Critics assail Trump’s insults toward blacks
PARIS – President Trump’s verbal assaults against black reporters, candidates and lawmakers has renewed criticism that the president employs insults rooted in racist tropes aimed at making his African-American targets appear unintelligent, untrustworthy and unqualified.
Over the past several days, including before he left Washington for an Armistice Day ceremony here this weekend, Trump has launched personal attacks against a trio of black female journalists. He accused one of asking “a lot of stupid questions.” He demanded another “sit down” at a news conference and followed up later by calling her a “loser.” He lambasted a third for asking, in his view, a “racist question.”
Trump recently called Democratic Tallahassee Mayor Andrew Gillum, a gubernatorial candidate in Florida, a “thief,” and declared that Stacey Abrams, the former minority leader of the state Senate in Georgia and the Democratic candidate for governor there, was “not qualified” for the job. A feature of his campaign rallies ahead of Tuesday’s elections was mocking Rep. Maxine Waters, D-Calif., a black lawmaker who has been highly critical of him, and calling her a “low-IQ person.”
Trump’s supporters say he fights all opponents with equal gusto, and he has gone after other reporters in an escalation of his war against the media since emerging from a bruising midterm election - most notably stripping the White House pass of CNN’s Jim Acosta.
But the president’s rhetoric toward prominent African-Americans is being singled out as far more offensive.
“His supporters are right, he does attack everyone. That’s clearly true,” said Adia Harvey Wingfield, a sociology professor at Washington University in St. Louis who writes frequently about race and gender.
“But there’s also a clear commonality in the attacks he levels against people of color and black professionals. These are straight out of historic playbooks about black workers and professionals in particular - not being qualified, not being intelligent or having what it takes to succeed in a predominantly white environment.”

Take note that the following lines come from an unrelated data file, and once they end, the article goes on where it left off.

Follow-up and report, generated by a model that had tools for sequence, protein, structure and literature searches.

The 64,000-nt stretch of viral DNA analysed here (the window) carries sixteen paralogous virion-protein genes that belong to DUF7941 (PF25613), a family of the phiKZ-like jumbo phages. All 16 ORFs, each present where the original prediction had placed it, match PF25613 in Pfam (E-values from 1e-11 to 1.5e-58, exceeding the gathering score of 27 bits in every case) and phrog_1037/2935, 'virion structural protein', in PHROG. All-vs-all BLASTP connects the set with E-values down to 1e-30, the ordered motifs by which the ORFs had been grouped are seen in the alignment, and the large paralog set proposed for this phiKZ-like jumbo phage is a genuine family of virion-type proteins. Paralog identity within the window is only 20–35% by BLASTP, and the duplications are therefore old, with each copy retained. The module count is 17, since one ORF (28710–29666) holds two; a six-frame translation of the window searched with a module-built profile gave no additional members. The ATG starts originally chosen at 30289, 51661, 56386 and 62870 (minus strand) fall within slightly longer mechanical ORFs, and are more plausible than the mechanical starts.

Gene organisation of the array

The latest example came Friday when the president stopped on the South Lawn of the White House on his way to Marine One to field shouted questions from the assembled media. He was asked several questions about the role of Matthew Whitaker, who he appointed as acting attorney general Wednesday, as well as about several other topics.
But when Abby Phillip, a CNN correspondent, asked whether Trump wanted Whitaker to rein in the special counsel’s ongoing Russia investigation, he snapped.
“What a stupid question that is,” Trump replied to Phillip, who is black. “What a stupid question,” he repeated, pointing his finger at her. “But I watch you a lot. You ask a lot of stupid questions.”
The attack prompted an outpouring of support from fellow journalists, Democrats and others for Phillip, who previously covered the White House for the Washington Post. Many praised her for asking the most important and pertinent question of the day.
But Trump’s supporters reveled in the exchange, holding it up as an example of Trump showing his tormentors who is the boss.
“If you ask stupid questions, be prepared for @realDonaldTrump to call you out. #MAGA,” Harlan Z. Hill, a Republican operative and commentator, wrote on Twitter.
CNN’s communications department defended Phillip, saying that “she asked the most pertinent question of the day. The @realDonaldTrump’s personal insults are nothing new. And never surprising.”
Trump also has disparaged his former aide Omarosa Manigault Newman as a “dog” after she wrote a tell-all book that accused him of using racist language.
Trump has assembled a largely white roster of senior advisers. Secretary of Housing and Urban Development Ben Carson is the only African American among the Cabinet and senior White House staff.